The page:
My granddaddy had the idea of putting a bird on it long before the IFC show Portlandia lampooned “put a bird on it” as shallow hipster aesthetic.
Granddaddy, that is, John Alan Hord, painted oils from travel and everyday life. He’d usually paint from photos, using his prodigious memory and imagination for any embellishment he felt the piece needed.
This is one of my favorites, painted in 1969, a bougainvillea he saw at a hotel in Puerto de la Cruz, Tenerife, Canary Islands.
Here’s another, painted in 1965. There are no birds in this one either; I’m sharing it because I admire my granddaddy’s attention to the details of an ordinary day. This one shows my dad at age 18, at home in Midland TX, picking up his ball just ahead of a walloping dust storm.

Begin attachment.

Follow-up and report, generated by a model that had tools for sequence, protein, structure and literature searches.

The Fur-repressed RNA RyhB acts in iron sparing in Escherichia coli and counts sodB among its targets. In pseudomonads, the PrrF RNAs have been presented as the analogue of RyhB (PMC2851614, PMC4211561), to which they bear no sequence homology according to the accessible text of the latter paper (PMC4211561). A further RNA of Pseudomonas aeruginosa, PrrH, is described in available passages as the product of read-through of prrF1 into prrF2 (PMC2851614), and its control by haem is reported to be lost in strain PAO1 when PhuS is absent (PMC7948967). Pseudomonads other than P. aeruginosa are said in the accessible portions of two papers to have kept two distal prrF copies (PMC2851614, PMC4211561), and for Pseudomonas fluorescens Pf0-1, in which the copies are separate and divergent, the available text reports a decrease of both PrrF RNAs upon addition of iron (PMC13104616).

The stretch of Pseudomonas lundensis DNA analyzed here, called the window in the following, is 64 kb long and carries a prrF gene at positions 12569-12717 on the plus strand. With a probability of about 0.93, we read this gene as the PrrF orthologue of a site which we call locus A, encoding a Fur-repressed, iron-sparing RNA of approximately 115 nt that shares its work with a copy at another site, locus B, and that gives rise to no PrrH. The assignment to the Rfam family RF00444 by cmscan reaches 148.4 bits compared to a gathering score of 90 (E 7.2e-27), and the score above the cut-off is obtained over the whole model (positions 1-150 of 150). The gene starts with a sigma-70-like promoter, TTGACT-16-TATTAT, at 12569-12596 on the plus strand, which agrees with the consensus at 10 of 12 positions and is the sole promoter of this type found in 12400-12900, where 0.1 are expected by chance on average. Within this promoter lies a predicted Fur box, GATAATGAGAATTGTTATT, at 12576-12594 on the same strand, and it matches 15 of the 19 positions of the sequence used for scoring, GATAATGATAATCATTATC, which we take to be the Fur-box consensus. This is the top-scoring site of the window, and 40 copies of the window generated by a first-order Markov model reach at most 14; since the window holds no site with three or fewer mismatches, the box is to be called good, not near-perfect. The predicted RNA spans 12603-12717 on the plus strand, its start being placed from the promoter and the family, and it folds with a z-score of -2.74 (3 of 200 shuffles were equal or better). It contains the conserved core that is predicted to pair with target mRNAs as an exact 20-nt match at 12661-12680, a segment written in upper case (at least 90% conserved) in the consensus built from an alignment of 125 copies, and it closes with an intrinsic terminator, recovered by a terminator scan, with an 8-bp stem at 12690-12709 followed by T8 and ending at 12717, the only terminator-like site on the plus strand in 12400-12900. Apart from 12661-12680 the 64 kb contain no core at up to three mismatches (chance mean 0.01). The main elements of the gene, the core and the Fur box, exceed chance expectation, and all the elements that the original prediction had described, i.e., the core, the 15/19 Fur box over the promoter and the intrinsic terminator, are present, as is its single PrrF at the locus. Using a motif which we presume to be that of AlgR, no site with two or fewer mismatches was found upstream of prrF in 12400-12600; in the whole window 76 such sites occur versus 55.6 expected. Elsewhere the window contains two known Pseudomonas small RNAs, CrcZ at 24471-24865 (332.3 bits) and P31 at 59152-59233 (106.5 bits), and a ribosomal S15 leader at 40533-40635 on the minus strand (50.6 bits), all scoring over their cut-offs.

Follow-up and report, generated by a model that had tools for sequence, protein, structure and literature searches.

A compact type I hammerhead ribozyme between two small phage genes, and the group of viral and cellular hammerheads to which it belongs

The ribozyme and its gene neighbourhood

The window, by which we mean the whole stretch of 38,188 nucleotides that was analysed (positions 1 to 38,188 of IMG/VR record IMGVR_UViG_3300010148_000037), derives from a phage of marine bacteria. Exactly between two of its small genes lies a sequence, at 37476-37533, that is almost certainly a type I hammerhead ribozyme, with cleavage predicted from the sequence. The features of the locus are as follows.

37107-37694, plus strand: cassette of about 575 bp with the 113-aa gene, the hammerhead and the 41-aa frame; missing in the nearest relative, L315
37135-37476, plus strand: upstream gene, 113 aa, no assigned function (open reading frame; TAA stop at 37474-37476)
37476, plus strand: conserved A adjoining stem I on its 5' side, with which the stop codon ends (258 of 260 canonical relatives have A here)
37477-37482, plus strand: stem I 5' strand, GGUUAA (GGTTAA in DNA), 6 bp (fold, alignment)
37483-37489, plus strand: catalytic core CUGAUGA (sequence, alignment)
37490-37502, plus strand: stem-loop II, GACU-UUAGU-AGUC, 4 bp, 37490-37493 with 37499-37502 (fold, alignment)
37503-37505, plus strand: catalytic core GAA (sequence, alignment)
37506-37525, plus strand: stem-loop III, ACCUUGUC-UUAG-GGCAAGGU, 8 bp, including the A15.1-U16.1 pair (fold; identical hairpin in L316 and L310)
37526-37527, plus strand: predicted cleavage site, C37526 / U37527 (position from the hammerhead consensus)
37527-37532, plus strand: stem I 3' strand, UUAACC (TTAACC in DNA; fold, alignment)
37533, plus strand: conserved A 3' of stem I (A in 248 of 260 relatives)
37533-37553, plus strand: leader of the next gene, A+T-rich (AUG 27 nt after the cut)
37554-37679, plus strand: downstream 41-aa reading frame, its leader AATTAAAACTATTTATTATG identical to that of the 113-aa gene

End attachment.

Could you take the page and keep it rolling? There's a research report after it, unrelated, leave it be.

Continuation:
Granddaddy painted a series of scenes in northern New Mexico, one of the more beautiful areas within a day’s drive from from his home. This one features a larger-than-life cottonwood in autumn (I thought it was spring but the painting is captioned Quiet Autumn in New Mexico).
Dad also sent me the photo that Granddaddy worked from (below). I remember telling Granddaddy I really liked this painting and his comment was, “well, it’s almost true to the day I was there, even the clouds. I changed the season, though. Also I thought it needed chickens. So I added chickens.”
But this is by far my favorite slice of Granddaddy’s everyday artistic sensibility. It’s one of thousands of doodles he created over a lifetime. Two little dancing birds on a greeting card. Just another day made a bit more beautiful and fun.